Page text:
The Philanthropist in the Pharmacy

Robert McNeil

Robert McNeil.

Pharmaceuticals hold a special place in Robert McNeil’s family. His grandfather started a neighborhood drugstore in the late 19th century; his father created McNeil Laboratories out of that drugstore in the early 1930s; and McNeil himself, who as a child ran errands for the family firm, grew up to become chairman of the company’s board.

McNeil, who died this year at the age of 94, spent his working life in pharmacology. The beginning of his career at McNeil Laboratories coincided with the establishment of the Federal Food, Drug, and Cosmetic Act of 1938. It continued with the development of Tylenol and carried on even after McNeil Laboratories was sold to Johnson & Johnson.

McNeil’s initial interests lay in research, and he studied physiological chemistry and bacteriology at Yale—in between working summer jobs at a cattle ranch, a hotel, and a summer camp. At the age of 20, after his grandfather’s death, McNeil joined the family firm. To give himself a better grounding in the business, he studied pharmacology at Philadelphia College of Pharmacy and Temple University. One of his first tasks at McNeil Laboratories was to ensure that the company’s manufacturing processes complied with the 1938 FDA act, which focused on drug safety following a previously laissez-faire approach to drug regulation. McNeil described those years as a time when “pharmacology was coming of age and . . . therapeutics and pharmaceutical products had to be based on pharmacology, [including] toxicology and the necessary human studies to ensure safety for use.”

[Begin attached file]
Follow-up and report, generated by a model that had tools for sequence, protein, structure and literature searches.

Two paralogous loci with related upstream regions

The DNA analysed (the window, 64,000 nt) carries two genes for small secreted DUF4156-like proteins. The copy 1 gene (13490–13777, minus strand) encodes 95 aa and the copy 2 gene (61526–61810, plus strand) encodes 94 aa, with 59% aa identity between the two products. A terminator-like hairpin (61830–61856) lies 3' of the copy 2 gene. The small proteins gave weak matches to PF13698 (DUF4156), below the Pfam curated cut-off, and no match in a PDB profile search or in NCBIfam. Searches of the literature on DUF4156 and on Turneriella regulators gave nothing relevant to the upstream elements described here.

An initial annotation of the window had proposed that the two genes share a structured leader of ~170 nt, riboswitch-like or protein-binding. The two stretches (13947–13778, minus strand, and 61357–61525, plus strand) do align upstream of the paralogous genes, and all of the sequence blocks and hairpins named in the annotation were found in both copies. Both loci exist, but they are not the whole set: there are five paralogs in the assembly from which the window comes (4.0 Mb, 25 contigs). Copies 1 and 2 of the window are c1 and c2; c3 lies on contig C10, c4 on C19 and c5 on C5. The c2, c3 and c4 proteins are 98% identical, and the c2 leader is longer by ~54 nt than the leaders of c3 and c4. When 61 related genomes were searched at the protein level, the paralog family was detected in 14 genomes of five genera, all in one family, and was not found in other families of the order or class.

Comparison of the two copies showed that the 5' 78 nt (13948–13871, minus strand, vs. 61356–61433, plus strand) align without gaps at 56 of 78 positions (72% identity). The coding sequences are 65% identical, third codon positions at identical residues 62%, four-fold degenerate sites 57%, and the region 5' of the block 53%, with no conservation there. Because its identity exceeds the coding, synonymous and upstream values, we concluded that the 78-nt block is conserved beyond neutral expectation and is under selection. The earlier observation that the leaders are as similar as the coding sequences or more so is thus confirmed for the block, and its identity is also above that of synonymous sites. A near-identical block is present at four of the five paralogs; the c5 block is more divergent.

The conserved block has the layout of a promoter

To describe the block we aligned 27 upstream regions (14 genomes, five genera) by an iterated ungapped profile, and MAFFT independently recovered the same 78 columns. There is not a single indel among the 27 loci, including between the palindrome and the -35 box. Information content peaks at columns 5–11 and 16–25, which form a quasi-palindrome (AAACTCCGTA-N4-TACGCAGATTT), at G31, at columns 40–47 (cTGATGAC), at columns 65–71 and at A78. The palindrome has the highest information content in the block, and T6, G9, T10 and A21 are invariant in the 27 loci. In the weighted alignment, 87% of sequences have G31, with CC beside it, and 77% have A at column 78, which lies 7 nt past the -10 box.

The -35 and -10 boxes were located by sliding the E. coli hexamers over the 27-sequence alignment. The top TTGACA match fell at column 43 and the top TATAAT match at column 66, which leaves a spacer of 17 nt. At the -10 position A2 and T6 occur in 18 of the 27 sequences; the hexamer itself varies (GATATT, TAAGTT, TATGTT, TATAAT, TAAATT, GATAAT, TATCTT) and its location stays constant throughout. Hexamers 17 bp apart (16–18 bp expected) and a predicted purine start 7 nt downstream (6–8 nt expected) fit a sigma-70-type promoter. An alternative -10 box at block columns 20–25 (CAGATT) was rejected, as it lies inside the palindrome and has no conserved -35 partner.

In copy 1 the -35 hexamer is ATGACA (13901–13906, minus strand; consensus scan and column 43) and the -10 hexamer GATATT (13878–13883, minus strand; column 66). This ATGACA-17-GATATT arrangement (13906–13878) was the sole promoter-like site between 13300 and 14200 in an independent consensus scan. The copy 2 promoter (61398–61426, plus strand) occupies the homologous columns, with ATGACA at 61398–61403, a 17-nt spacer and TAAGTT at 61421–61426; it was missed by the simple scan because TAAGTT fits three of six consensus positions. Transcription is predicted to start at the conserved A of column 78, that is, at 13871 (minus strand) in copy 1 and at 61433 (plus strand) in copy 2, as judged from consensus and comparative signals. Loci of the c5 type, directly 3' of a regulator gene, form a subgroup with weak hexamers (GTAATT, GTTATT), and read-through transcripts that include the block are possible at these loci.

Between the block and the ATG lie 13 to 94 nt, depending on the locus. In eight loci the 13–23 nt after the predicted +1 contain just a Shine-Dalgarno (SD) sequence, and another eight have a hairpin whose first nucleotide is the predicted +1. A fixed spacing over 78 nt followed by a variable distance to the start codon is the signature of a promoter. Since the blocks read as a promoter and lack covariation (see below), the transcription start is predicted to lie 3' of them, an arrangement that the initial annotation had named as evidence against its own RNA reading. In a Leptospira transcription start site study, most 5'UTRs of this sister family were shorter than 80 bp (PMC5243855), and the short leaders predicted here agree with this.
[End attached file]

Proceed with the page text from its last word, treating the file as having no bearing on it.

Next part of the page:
During World War II the government considered pharmacology vital to the war effort, and McNeil spent the war working for the family company, which became one of the first to distribute penicillin for the war effort when that drug became available in 1943. After the war, as research director, he focused on building up McNeil Laboratories’ research efforts, which led to the formulation of Tylenol.

The discovery of Tylenol’s active ingredient, acetaminophen, dates to the 19th century, but only in the late 1940s did scientists prove its usefulness in reducing fevers. However, since aspirin dominated that market, pharmaceutical companies showed little interest—except for McNeil Laboratories. McNeil found a market for the new drug by creating a safe “Tylenol Elixir” for sick children. The drug received FDA approval in 1955 as a prescription-only medication and in 1961 appeared in tablet form. Those years were busy ones for McNeil, so much so that he said he was “ready to drop dead.”

In 1959 McNeil and his brother sold their company to Johnson & Johnson. McNeil remained chairman for several years to ensure a smooth transfer of ownership. Then a second life followed that of pharmacology—philanthropy. In 1964 McNeil founded the Barra Foundation, which funds arts, culture, health, and education projects in the Philadelphia area.

McNeil received the 2005 American Institute of Chemists Gold Medal for his work on acetaminophen. He considered himself lucky in his pharmaceutical career, one that began for him in the “horse and buggy days of pharmacology.” Those who have benefited from his philanthropy feel equally lucky that the success of his first line of work permitted his second.

Hilary Domush is a program associate in the oral history program in CHF’s Center for Contemporary History and Policy. Crysta Jentile was a summer intern with Chemical Heritage.